India has taken up the matter with the French Government, requesting it to investigate it with urgency. It was not a leak, said a naval official, but a theft that took place overseas. They had not found any DCNS negligence, but identified some dishonesty by an individual. The Australian reported the secret data were stealthily drawn from DCNS by a former sub-contractor in 2011 and taken to a private company in Southeast Asia before being passed on to a branch of that company in a second Southeast Asian nation. A compact disk containing the data was then posted in regular mail to a company in Australia.
DCNS took the issue to the highest court of New South Wales that directed The Australian to withdraw the documents published on its website and desist from publishing any additional documents. DCNS also filed a complaint against unknown persons for breach of trust before the Paris Public Prosecutor. The French contractor is perturbed.
Apart from having set up its subsidiary DCNS India in Mumbai for building the Scorpene, it is now establishing another fully-owned subsidiary to produce Air Independent Propulsion (AIP) technology for submarines. The AIP allows a non-nuclear submarine to remain under water three times longer than one without it. An AIP is under indigenous development by the Indian Naval Material Research Laboratory. The AIP might be subsequently retrofitted during the scheduled major overhaul on the Scorpene.
DCNS Bidding For Project 75(I)
DCNS seeks to produce an AIP in India that would be deployed in all future submarines in the country. DCNS is also keen on bidding for the $11.1 billion Project 75 (I) contract for the construction of six new generation stealth diesel-electric submarines. Defence-oriented enterprises with warship-building facilities are priming themselves for the bidding for the tender to build the submarines in India at recognised shipyards. The Indian Navy has scotched speculation of a follow-on order to DCNS for the construction of three more Scorpenes.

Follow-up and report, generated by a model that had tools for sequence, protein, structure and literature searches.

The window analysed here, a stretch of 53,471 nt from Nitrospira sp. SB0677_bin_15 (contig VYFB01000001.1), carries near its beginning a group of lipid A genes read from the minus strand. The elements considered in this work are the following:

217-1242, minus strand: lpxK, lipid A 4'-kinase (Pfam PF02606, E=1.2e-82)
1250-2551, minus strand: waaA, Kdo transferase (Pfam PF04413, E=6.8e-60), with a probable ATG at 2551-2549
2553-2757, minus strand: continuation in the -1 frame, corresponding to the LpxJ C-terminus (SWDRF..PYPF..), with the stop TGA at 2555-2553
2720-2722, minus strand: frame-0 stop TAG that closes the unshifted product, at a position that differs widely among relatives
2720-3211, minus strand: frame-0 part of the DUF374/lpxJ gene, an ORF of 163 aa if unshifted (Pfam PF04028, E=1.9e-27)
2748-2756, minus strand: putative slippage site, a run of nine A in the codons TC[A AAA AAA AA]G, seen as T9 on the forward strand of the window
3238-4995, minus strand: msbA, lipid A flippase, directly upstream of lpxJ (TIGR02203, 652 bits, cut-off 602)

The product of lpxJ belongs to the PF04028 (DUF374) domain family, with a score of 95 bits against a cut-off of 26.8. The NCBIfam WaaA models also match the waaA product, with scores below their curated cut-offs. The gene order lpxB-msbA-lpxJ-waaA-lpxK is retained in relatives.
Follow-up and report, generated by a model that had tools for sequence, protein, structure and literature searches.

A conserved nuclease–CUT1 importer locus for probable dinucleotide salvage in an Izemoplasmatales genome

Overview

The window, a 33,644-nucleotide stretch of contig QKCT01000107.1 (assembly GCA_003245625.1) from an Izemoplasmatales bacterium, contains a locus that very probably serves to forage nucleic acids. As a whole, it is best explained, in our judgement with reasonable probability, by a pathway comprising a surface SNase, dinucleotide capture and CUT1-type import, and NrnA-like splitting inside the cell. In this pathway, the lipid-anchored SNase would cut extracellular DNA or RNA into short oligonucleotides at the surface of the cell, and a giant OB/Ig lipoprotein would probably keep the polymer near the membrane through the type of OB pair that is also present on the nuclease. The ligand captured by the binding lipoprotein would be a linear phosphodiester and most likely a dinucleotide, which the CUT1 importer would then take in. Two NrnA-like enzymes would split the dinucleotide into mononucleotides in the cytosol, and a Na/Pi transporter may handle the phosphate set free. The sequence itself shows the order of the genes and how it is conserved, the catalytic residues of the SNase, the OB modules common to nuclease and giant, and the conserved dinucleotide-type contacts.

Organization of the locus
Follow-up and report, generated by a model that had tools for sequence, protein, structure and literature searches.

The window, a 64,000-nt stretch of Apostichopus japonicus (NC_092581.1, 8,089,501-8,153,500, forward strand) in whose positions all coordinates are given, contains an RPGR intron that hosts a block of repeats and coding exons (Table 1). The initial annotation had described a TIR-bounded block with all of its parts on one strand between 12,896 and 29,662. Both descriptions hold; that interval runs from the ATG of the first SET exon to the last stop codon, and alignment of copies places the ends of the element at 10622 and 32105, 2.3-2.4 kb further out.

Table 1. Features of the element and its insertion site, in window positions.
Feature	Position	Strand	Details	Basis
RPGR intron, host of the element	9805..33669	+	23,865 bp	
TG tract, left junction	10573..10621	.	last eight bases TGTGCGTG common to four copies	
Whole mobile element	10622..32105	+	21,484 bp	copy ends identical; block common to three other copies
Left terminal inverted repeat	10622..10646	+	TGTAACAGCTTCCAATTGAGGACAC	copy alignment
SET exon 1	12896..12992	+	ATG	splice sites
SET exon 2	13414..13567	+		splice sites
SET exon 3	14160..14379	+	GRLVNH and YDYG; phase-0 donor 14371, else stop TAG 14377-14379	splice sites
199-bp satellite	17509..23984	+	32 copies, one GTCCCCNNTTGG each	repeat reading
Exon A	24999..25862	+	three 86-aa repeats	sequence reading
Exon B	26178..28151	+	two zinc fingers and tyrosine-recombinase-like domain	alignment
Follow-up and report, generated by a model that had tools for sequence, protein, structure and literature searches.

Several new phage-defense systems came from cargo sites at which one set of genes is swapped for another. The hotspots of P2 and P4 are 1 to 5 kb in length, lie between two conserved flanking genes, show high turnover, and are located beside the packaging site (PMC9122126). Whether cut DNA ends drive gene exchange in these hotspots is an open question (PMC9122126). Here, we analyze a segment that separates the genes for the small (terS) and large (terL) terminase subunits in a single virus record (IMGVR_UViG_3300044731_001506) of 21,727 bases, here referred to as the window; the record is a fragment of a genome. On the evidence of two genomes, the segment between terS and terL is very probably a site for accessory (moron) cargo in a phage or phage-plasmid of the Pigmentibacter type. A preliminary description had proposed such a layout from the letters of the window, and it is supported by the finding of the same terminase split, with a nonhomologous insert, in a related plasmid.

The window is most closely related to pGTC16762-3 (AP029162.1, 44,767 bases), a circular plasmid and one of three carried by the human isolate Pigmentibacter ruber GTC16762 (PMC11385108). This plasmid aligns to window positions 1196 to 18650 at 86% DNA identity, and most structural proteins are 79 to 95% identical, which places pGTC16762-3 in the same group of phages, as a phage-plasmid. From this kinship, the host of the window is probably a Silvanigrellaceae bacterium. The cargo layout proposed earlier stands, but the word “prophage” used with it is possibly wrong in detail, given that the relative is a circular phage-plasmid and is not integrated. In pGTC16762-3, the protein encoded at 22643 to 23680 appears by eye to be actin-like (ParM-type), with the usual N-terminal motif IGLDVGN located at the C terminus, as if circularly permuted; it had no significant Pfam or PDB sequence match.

Meanwhile, Germany’s TKMS is negotiating with India for a possible government to government deal for six of its 1,800 tonne Type 214 diesel-electric submarines that are equipped with AIP systems developed by Siemens and based on polymet electrolyte membrane hydrogen fuel cells. Germany has been keen on supplying its submarines to India. TKMS is expected to bid for the P-75(I) tender for which competition will be fierce from Spain, Sweden, Russia and Japan. TKMS will no doubt redouble its effort in India after failing to back the Australian deal that went to DCNS.
In rejecting the TKMS bid, Canberra informed Berlin that its 3,810-tonne Type 216 submarine that it had offered had an “unacceptable level of radiated noise”. It was reported that DCNS, the successful French bidder, had managed to influence Australian officials about the noise levels of the TKMS submarine.
*Sarosh Bana is Executive Editor of Business India. He contributed this to RSIS Commentary.
|Enjoy the article? Then please consider donating today to ensure that Eurasia Review can continue to be able to provide similar content.|